Next up were the inside surfaces of the box side pieces.  Now is the time to sand these surfaces prior to assembly.  It’s much easier to sand the inside of a box before it becomes a box!

As I was sanding I counted the number of strokes I made on each piece with the sander.  The idea is to sand each piece the same amount so that any change in thickness is consistent across all of the sides.  After each piece was sanded, I gave them a quick wipe-down with mineral spirits to clean up the surface and remove any of the fine dust left behind.

I did have to lay all of the pieces out to allow the mineral spirits to dry.  When I stacked the first few sets, the mineral spirits were removing the chalk markings on the next piece in the stack.

I left the parts out to dry until this evening.  I restacked all the parts and cleared some space on the bench to work on laying out box parts for the heartwood/sapwood combo Padauk boxes.
First I drew a straight line on the surface of the workbench to use as a layout reference.

I then used that reference mark to align the box sides and ensure that the transition line between heartwood and sapwood will meet around all four corners of the boxes.  I left these box parts a little oversized knowing that I would need to trim some material from the top or bottom edges in order to achieve the alignment I’m going for.
I was able to get a nice layout for all three boxes.  The chalk lines are rough reminders of where I’ll remove material when I’m back in the shop at a more table-saw-running-friendly time.

Tune in next time when we’ll trim these parts to size and cut bottoms for the remaining boxes.  We could see some assembly by this next weekend.  I’m hoping to have these completed by the end of the month, as I’ll be sending some of them off to Maryland for a silent auction, fund raiser that my cousin, Christy, is co-chairing for her daughter’s school.

Sunday, February 13, 2011

Groovin' on a Saturday Afternoon

We’re having a heat wave…a tropical heat wave…  Well, 33 degrees in February, in Minnesota is practically tropical!  After just a couple hours of prep time with the heater, the shop was actually pretty comfortable to work in.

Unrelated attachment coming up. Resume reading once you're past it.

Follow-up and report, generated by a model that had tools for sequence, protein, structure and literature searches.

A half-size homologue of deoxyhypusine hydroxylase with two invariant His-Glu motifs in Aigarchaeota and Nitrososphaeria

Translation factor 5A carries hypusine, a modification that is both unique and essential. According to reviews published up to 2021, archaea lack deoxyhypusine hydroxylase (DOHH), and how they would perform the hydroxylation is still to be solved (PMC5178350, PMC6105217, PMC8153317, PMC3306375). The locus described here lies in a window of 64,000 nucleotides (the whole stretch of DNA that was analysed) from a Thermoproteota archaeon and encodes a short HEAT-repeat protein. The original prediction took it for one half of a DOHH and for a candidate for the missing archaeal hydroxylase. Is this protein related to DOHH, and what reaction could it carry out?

Today I broke out the new Freud rip blade my Dad sent to me for my birthday last year.  He and I were discussing the need for a blade with a flat tooth grind to cut clean, flat grooves for corner splines on boxes.  I thought I’d have to special order a blade, but he remembered that Freud had a 24 tooth rip blade with a flat grind.  He called me back about an hour after our conversation and said not to order anything, and that my birthday present was on the way.

I knew I’d be adding corner splines on some of these boxes, so I decided to also use the blade to cut the grooves in the box sides that will receive the bottoms.  Not only does this blade cut a flat bottom, but the kerf is exactly 1/8 inches wide…just the right size for the grooves. 

One of the keys to making this many boxes at once is keeping all the parts together and in line.  To cut the grooves while keeping the parts in order, I marked each side piece with an arrow to indicate the position of the top of the box.

I set the blade for a 3/16 inch deep cut, and set the rip fence at 1/4 inch away from the blade.  I then used the arrow as an indicator in relation to the fence so that none of the parts would get flipped around.  For my practice run I used the cherry pieces I cut when testing the set-up of the cross-cut miter sled.